1st Place – TAIDA, National Taiwan University
This painting of Albert Einstein won first place in the competition, which was determined by matter of public voting and judge recognition. As the first place winner, the team behind the robot received US$30,000 as the prize. This portrait is not only an accurate depiction of the famous scientist, but it also incorporates a serious amount of “artificial creativity.” Don’t believe this was painted by a robot? Check out the image below of the TAIDA robot working on this masterpiece.
2nd Place – CloudPainter, George Washington University
In total, 15 teams submitted over 70 artworks to this competition and the top ten were selected by public vote and rewarded cash prizes for their efforts. Now, you may be thinking that these artworks are just recreations of human work, but hear what one of the judges had to say about this second place winner.
“Although cloudPainter did work from photo reference, the designers allowed the robot to handle the additional step of analyzing a series of reference photos and making its own decision regarding WHICH photo was the most artistically pleasing and producing its own crop of the image, which put the robot one step further into the art creation process than our 3rd through 5th place votes. The use of the visual feedback loop to determine where and how much to paint is very analogous to the human process of painting. Again, the final piece is artistically successful as well.” ~ Patrick/Jeannie Wilshire
Working from photo reference is a method that many painters use and this robot took its own artistic and creative liberties in the creation of this portrait. This team won US$18,0000.
3rd Place – NoRAA, Accademia di Belle Arti di Brera
This robot’s paintings were the judges’ favorites, but it used a more traditional printer-style plotting technique. Part of why these artworks were thought of so highly was that they were completely a robot’s creation. Humans did not upload a source image or program any presets, rather the robot designed these artworks completely out of its “brain,” winning the team US$12,000.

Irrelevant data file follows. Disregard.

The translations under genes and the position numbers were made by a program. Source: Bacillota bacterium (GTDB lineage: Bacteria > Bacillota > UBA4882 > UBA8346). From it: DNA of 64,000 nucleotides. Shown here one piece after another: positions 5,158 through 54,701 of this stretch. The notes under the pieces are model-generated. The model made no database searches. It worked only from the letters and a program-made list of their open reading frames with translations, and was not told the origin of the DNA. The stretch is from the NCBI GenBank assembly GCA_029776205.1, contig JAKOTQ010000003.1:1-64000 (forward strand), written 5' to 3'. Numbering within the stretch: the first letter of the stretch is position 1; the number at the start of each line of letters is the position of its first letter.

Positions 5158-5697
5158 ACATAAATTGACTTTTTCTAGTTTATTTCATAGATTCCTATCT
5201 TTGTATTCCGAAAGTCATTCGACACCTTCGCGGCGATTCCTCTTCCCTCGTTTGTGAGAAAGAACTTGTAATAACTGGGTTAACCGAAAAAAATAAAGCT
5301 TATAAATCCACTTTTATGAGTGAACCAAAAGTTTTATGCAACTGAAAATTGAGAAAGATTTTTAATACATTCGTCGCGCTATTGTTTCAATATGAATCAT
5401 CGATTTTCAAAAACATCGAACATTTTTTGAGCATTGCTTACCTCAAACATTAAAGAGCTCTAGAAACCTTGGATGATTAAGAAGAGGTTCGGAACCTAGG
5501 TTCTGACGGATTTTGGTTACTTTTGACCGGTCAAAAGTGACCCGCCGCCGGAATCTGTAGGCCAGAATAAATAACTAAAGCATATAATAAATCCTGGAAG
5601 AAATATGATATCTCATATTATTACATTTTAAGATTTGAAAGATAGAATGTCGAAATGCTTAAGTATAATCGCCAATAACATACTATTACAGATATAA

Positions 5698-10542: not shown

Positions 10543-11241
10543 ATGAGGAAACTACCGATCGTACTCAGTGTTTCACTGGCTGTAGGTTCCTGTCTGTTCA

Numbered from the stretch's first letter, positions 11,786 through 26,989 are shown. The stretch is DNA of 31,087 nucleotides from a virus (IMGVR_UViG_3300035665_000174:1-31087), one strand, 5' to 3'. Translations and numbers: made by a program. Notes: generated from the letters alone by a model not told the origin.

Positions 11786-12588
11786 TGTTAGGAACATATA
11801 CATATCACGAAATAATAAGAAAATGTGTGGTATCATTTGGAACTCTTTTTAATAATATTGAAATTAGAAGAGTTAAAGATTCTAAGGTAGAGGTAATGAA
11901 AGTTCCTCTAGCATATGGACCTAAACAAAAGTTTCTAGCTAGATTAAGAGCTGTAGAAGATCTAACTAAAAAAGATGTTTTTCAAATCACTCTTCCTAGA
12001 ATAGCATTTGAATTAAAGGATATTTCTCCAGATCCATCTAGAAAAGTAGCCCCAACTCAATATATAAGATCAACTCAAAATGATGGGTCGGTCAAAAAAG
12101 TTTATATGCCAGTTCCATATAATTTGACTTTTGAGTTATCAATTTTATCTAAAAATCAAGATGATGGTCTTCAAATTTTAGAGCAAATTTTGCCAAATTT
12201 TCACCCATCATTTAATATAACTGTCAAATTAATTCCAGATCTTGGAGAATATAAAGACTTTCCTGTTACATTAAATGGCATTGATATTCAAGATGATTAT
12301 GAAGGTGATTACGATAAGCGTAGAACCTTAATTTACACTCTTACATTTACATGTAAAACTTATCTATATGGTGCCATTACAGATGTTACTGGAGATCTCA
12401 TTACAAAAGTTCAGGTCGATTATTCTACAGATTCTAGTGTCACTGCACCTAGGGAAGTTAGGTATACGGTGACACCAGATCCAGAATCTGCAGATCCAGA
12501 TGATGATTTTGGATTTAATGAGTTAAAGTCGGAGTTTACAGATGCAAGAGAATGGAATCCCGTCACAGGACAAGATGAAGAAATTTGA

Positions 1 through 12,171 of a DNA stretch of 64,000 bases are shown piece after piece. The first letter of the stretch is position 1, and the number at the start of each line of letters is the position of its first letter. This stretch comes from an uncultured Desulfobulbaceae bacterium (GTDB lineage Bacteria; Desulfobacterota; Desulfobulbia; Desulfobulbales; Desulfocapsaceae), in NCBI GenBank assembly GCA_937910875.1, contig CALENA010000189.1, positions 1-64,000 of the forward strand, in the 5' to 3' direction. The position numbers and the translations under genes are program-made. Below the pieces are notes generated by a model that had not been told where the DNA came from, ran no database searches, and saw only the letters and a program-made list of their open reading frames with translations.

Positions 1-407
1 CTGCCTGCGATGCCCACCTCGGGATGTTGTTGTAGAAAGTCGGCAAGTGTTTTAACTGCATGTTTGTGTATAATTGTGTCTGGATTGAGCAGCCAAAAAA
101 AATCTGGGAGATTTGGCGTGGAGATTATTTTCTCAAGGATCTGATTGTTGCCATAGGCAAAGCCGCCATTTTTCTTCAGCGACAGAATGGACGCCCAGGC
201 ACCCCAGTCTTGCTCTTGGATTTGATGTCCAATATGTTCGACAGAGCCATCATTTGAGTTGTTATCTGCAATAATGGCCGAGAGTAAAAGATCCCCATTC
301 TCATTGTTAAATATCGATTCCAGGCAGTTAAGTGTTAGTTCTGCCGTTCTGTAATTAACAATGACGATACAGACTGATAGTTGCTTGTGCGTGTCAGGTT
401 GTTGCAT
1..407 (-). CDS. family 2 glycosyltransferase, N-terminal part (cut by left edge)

4th Place – e-David, University of Konstanz
“This painting was built in a manner that is similar to how many painters work: first establishing the overall structure through general larger shapes, then moving onto smaller more complex areas. As a result, the surface of the painting is active and nicely built up and the process makes sense to me as a painter.” ~ Anne PettyThe surprising thing about all of these artworks is just how beautiful some of them are. We typically think of programs and linear trains of motion when it comes to robotics, but through complex algorithms, creativity can be programmed in. While you may not think that art is the best place for robots, but research in artificial creativity will be implemented into future AI infrastructure. This will allow humanoid robots to ‘express themselves’ and develop unique personalities.
5th Place – RHIT Rose-Hulman Institute of Technology
This artwork is reminiscent of Andy Warhol’s famous work, and it was a favorite among the online voters for the competition. While probably the least “creative” of the competition, this robot demonstrated unique style in its painting ability and created a work that warranted 5th place.
We are living in an age where robots and humans will soon be indistinguishable, but we have a little more time before that happens.